Tea. The word conjures up colorful mental images. At this moment, I am visualizing a coterie of young ladies, attired in Victorian-style apparel, properly seated around a lace-draped table, gingerly sipping a beverage from dainty English bone china teacups, and tittering in high-pitched melodious tones while sharing the day’s gossip.

But tea drinking is so much more than a social ritual; it could actually be a lifesaving one. Although more research is needed, there is considerable evidence that tea drinkers may have a lower risk of heart disease, stroke and cancer.

In the early 1990s, researchers noted that Japanese women who practiced the art of chanoyu, the traditional tea ceremony, had much lower mortality rates than other women. Scientists soon realized that the chemical compounds in tea, mainly polyphenols, are among the most potent antioxidants ever discovered. Antioxidants are substances that can prevent or slow down free radical damage to cells.

Tea may help battle cancer

Studies confirm that drinking tea cloud be among the most effective lifestyle approaches to preventing cancer. One study found that people who drank green tea as seldom as once a week had lower rates of pancreatic, and possibly, colon cancers. It has also been found that women who drink tea regularly run about half the risk of contracting rectal or pancreatic cancer as compared to women who rarely or never drink tea. In skin cancer studies, laboratory animals that were given tea developed only one-tenth as many tumors as animals that were given water instead.

Tea may reduce your risk of heart attack and stroke

The polyphenols in tea play a protective role anywhere in the body where free radicals can do damage, including the arteries. The chemicals in tea prevent cholesterol from oxidizing.

Dutch researchers reported that men who consumed the most polyphenols had a 58% lower risk of dying from heart disease than men who consumed the least. A recent study published in the European Journal of Preventive Cardiology involved more than 100,000 adults in China, and found those who regularly drank tea were less likely to develop atherosclerotic cardiovascular disease, or die prematurely from any cause — particularly stroke — compared to others during a seven-year follow-up. European research discovered that people who drank eight ounces of tea a day were less likely to have severe narrowing of the arteries.

Types of teas and their health benefits

The type of tea you drink can make a difference in the health benefits you receive. All non-herbal teas are derived from the Camellia sinensis plant, a shrub native to China and India, and all contain antioxidants called polyphenols. The more processed the tea leaves, the less polyphenol they contain.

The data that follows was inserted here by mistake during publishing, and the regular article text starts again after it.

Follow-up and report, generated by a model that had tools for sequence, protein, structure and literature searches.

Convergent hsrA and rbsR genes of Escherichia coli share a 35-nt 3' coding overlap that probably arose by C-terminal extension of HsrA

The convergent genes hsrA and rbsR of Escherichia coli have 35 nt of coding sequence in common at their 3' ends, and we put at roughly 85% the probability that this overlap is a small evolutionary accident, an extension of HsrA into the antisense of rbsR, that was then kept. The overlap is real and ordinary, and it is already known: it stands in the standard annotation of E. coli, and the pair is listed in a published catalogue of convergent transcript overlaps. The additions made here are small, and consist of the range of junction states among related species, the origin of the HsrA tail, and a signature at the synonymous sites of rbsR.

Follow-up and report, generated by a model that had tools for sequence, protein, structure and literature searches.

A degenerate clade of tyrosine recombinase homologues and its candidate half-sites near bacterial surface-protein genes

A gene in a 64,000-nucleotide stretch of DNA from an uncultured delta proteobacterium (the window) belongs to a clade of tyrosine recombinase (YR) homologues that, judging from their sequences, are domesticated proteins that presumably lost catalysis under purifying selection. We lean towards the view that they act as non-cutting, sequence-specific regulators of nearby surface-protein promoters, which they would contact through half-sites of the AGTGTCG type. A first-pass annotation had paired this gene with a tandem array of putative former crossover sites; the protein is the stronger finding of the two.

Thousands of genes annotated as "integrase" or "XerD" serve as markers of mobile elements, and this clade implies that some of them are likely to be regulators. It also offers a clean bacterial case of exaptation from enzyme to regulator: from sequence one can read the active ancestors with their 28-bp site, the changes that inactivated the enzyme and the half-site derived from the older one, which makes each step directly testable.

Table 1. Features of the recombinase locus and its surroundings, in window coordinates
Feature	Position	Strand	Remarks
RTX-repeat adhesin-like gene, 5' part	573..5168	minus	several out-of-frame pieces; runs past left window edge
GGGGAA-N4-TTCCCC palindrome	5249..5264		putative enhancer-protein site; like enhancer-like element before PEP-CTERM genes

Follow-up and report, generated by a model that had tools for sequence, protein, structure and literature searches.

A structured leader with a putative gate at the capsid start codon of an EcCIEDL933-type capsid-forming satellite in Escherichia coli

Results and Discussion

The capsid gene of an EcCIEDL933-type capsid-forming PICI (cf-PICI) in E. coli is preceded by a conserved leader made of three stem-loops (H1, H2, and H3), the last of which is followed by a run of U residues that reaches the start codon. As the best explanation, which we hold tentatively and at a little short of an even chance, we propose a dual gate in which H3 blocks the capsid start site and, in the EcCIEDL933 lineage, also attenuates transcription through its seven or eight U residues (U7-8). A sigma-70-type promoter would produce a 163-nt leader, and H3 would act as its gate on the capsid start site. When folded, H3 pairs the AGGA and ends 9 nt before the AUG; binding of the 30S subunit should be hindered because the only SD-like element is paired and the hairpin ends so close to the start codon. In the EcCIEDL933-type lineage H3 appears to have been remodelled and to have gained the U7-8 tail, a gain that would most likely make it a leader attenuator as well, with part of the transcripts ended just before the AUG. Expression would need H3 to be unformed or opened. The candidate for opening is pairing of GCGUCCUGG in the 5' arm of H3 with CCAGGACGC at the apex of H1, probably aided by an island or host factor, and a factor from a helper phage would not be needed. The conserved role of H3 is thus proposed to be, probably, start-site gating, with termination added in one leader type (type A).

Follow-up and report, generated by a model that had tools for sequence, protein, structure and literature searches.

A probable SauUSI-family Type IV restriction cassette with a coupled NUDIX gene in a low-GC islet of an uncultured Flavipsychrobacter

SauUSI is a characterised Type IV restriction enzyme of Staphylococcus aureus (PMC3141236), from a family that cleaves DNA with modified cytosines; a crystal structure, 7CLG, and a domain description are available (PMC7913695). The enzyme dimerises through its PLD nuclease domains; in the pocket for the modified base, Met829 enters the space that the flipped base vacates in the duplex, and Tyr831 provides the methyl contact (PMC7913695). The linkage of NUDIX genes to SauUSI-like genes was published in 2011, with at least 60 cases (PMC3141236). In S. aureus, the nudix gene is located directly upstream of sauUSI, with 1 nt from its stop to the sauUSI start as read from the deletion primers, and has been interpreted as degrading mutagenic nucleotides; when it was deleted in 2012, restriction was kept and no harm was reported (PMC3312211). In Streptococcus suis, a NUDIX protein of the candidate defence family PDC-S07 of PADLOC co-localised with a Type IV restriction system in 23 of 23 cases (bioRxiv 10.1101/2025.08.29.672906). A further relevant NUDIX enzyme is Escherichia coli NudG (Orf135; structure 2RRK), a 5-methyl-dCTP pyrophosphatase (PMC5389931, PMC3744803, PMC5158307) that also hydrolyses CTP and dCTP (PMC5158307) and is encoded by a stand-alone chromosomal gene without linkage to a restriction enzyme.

Green tea is made with steamed tea leaves. This tea contains antioxidants which may interfere with the growth of bladder, breast, lung, stomach, pancreatic and colorectal cancers, prevent clogging of the arteries, and reduce the risk of neurological disorders like Alzheimer’s and Parkinson’s diseases.

Black tea is made with fermented tea leaves. This tea contains a lower level of antioxidants than green tea, and has the highest caffeine content of all teas. It may protect the lungs from cigarette smoke damage, and may reduce the risk of stroke.

White tea is uncured and unfermented. One study showed that white tea has the most potent anticancer properties compared to more processed teas.

In an animal study, those given antioxidants from Oolong tea were found to have lower LDL (“bad”) cholesterol levels.

Pu-erh tea is made from fermented and aged leaves. Considered a black tea, its leaves are pressed into cakes. One animal study showed that animals given

Pu-erh tea had less weight gain and reduced LDL (“bad”) cholesterol levels.

The bottom line

Tea has less caffeine than coffee. All teas contain flavonoids, which are good for the heart and may reduce the risk of cancer.

In fact, most nutritionists agree that any tea is good tea. Brewed tea is preferable to bottled, to avoid the extra calories and sweeteners.

So, why not sit back and relax, any time of day or night, and enjoy a pick-me-up

from a cup of your favorite tea. Sweeten it with honey. Squeeze in a bit of lemon juice.

Flavor it with cinnamon, ginger or a spice of your choice. Drink it hot or iced.

And rest assured: You will be treating your mind and body to a cup of health!

Louise Whiteside, a long-time resident of D.C. and Maryland, now resides in the Colorado Rockies. She loves memoir writing, bargain hunting, cooking, country music, theater, and travel.

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